McCain readies hearing on radio consolidation


As opposition to media-ownership deregulation gels, Senate Commerce Committee
chairman John McCain (R-Ariz.) plans to hold hearings on radio consolidation Jan. 30,
industry sources said.

Expected to testify is Clear Channel Communications Inc. chairman Lowry Mays, who heads the
country's largest radio group, as well as an owner of a single station or small
radio group and a representative of consumer organizations.

Without referring to the hearing specifically, consolidation critic Sen.
Russell Feingold (D-Wis.) said Tuesday that he was "awfully pleased" about McCain's
"intentions" regarding the radio-merger wave of the past seven years.

"I was awfully pleased with his sense on this issue, as well as other
consolidation issues," Feingold told the Future of Music Coalition, a group of
musicians and others opposed to radio consolidation. "He gets it beyond belief,
and I think you'll be pleased about his intentions."

Feingold said he plans to reintroduce legislation from last year that would
tighten Federal Communications Commission oversight of radio.

Feingold noted that he and McCain, besides authoring the newly enacted
campaign-finance-reform law, were among the handful of lawmakers who voted
against the 1996 Telecommunications Act. That law removed national ownership
caps on radio and ushered unprecedented consolidation in the industry.

Industry officials countered, however, that McCain opposed the law for nearly
opposite reasons than Feingold. Unlike the Wisconsin Democrat, McCain argued that the
law was not deregulatory enough and, for instance, endorsed lifting the ban on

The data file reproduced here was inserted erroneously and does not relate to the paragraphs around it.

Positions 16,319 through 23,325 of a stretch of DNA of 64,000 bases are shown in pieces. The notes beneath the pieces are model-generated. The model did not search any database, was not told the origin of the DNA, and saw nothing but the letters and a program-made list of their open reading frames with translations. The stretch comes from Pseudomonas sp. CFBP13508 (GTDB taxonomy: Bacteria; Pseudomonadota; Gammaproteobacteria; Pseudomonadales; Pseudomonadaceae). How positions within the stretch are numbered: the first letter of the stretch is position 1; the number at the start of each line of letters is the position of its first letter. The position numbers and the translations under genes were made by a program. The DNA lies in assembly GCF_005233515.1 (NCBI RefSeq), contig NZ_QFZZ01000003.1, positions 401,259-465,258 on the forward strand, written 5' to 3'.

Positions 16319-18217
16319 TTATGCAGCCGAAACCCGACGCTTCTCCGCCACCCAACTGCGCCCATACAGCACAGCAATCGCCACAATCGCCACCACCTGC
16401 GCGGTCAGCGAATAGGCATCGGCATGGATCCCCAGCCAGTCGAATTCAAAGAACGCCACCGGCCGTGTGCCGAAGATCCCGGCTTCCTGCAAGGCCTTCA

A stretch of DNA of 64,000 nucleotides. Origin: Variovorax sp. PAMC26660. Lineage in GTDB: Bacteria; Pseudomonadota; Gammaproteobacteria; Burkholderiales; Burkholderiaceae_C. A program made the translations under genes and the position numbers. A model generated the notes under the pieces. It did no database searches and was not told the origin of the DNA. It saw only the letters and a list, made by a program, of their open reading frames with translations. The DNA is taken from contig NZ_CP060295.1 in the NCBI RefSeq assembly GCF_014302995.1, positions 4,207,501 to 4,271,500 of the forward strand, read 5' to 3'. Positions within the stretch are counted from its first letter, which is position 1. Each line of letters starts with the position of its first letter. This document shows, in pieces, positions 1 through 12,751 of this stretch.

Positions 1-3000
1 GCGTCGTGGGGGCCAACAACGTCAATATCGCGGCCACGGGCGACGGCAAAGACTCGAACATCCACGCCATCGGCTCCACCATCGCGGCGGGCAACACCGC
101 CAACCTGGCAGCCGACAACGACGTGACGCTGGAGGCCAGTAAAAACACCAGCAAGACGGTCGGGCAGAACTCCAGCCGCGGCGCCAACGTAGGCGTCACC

local broadcast/newspaper cross-ownership. A McCain staffer said the Arizona senator's
concerns about the 1996 law haven't changed.

Some industry observers speculated that McCain has called the hearing to tweak
broadcasters for opposing legislation that would require free airtime for
federal candidates and as a favor to his campaign-finance-reform partner,

Nevertheless, the National Association of Broadcasters isn't taking the
Future of Music's effort lightly. Monday, the NAB attacked the coalition's Nov. 18
economic analysis of radio consolidation's impact in a two-page letter to the
group that was circulated to the press. According to the NAB, the coalition
overestimated conglomerates' share of ad revenue and relied on loaded questions
in a survey purporting to show public unhappiness with the current state of the
airwaves. FMC officials stood by their report.

Last year, Feingold introduced legislation that would have:

  • Stripped conglomerates owning both radio stations and concert promoters of
    broadcast licenses if they discriminate against unaffiliated musicians,
    promoters and stations.
  • Triggered an FCC hearing to prove that there would be no discrimination when a
    radio merger gives the buyer a 60 percent national audience reach.
  • Barred the FCC from raising limits on local-radio ownership.
  • Counted radio local marketing and time-brokerage agreements toward
    local-ownership caps.
  • Outlawed local-market-area partnerships that bring an operator above 35 percent
    local-market audience or ad-revenue share.
  • Forbid "payola" that some said requires record companies to pay a small
    group of promoters in order to obtain radio airtime.
  • Required the FCC to ensure that Arbitron Inc. ratings are not